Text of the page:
Basic Upgrade Steps

This procedure describes how to do a basic Meridian upgrade. You may need to complete additional steps to upgrade in a more complex setup (for example, if you run more than one Meridian instance, have more complex database migration requirements, or depending on the age of current version).

If you use Git to track changes to your configuration files, see Upgrade Meridian with Git.

Make sure you complete the tasks in the before you begin section before starting. In addition, if the system requirements for the new version require you to upgrade your PostgreSQL database, you must do this before the Meridian upgrade.

Update and verify the Meridian repository

  • CentOS/RHEL

Your Meridian repository is defined in the /etc/yum.repos.d/ directory. The file may be named Meridian.repo, but it is not guaranteed to be.

  1. Log in as the root user or elevate your permissions to be the root user

  2. Open your Meridian repository config file with a text editor.

  3. Change the repository’s baseurl from the old release family to the new release family. The baseurl should resemble / The REPO_USER and REPO_PASS values are your Meridian subscription credentials.

  4. Enable auto updates:

    yum -y install yum-utils
    yum-config-manager --enable opennms-repo-stable-*
  5. Purge any cached yum data:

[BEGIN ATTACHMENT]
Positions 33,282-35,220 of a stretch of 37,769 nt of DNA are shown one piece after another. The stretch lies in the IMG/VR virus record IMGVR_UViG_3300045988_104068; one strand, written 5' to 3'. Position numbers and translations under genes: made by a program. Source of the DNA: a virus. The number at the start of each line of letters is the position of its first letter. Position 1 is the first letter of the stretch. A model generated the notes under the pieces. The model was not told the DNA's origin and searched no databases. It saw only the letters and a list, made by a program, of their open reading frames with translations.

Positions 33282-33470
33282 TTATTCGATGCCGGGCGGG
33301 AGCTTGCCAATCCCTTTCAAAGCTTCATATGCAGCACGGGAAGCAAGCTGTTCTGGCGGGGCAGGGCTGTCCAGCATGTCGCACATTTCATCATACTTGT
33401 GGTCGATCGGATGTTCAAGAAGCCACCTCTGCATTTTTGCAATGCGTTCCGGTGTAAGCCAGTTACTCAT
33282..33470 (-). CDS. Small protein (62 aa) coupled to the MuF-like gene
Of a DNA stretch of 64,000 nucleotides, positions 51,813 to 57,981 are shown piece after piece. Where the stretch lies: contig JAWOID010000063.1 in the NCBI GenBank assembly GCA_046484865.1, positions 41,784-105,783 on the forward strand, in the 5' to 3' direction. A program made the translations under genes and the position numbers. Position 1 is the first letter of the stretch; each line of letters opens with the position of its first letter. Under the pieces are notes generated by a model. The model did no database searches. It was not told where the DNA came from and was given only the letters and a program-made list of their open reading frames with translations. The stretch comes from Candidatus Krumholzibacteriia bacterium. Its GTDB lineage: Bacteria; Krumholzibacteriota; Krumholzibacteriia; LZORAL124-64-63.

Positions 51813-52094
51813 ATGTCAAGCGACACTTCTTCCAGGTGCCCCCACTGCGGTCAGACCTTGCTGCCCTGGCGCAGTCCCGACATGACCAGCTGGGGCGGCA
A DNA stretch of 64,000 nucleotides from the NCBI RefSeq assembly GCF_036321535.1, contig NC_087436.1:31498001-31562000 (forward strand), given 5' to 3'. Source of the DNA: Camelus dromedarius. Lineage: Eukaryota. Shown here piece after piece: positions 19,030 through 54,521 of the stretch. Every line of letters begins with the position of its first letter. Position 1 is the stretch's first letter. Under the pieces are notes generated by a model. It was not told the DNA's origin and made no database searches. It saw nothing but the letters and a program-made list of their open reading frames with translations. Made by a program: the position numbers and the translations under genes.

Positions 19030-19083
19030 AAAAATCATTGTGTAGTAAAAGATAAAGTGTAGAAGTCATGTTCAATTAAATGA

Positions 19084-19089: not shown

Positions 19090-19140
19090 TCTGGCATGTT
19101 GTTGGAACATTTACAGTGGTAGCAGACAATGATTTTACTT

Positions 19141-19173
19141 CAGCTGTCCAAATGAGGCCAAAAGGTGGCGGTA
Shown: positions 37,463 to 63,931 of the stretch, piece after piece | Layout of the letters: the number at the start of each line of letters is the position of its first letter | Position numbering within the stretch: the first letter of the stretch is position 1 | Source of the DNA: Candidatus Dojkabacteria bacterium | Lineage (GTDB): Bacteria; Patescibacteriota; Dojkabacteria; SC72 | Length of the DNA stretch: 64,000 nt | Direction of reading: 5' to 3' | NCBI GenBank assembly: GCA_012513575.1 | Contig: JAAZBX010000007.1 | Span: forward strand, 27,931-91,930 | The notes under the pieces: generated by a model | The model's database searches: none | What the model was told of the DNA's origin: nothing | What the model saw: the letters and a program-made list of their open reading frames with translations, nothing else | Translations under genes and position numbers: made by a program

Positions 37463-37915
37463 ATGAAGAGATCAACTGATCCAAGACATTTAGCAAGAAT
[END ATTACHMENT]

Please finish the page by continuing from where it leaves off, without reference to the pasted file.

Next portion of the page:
yum clean all
  6. Make a backup copy of your config:

    rsync -Ppav ${OPENNMS_HOME}/etc /tmp/etc.orig
    rsync -Ppav ${OPENNMS_HOME}/jetty-webapps/opennms/WEB-INF /tmp/opennms-web-inf
  7. Upgrade the Meridian packages to the newest version:

    yum -y upgrade opennms
  8. Disable auto updates:

    yum-config-manager --disable opennms-repo-stable-*
  9. Upgrade Java 11 to the latest release:

    yum -y install java-11-openjdk java-11-openjdk-devel
  10. Use the runjava command to set the JVM that Meridian will use:

    ${OPENNMS_HOME}/bin/runjava -s
  11. Check for configuration file changes and update accordingly using the files you backed up in identify changed configuration files.

    If you upgrade in place, Meridian renames any shipped config that conflicts with an existing user-modified config to .rpmnew or .rpmsave. Inspect these files manually and reconcile any differences. Use diff -Bbw and diff -y to look for changes. If any .rpmnew or .rpmsave files exist within the configuration directory, services will not start.
  12. Run the Meridian installer:

    ${OPENNMS_HOME}/bin/install -dis

    The upgrade may take some time. An "Upgrade completed successfully!" message confirms that the upgrade has completed. If you do not get this message, check the output of the install command for any errors.

  13. Clear the Karaf cache:

    yes | ${OPENNMS_HOME}/bin/
  14. Start Meridian:

    systemctl start opennms.service
    tail -F ${OPENNMS_HOME}/logs/manager.log shows the Meridian startup progress.
  15. The upgrade is completed and operation resumes.

Make sure that you clear your browser’s cache before using the Meridian web UI against the upgraded version. This is especially important for pages that use JavaScript heavily (for example, the Requisitions UI).

PostgreSQL upgrade and configuration

Refer to the PostgreSQL documentation for information on how to upgrade a PostgreSQL database. You may also find the Upgrading PostgreSQL article on Discourse useful.

You must stop the Meridian service while doing maintenance on database services.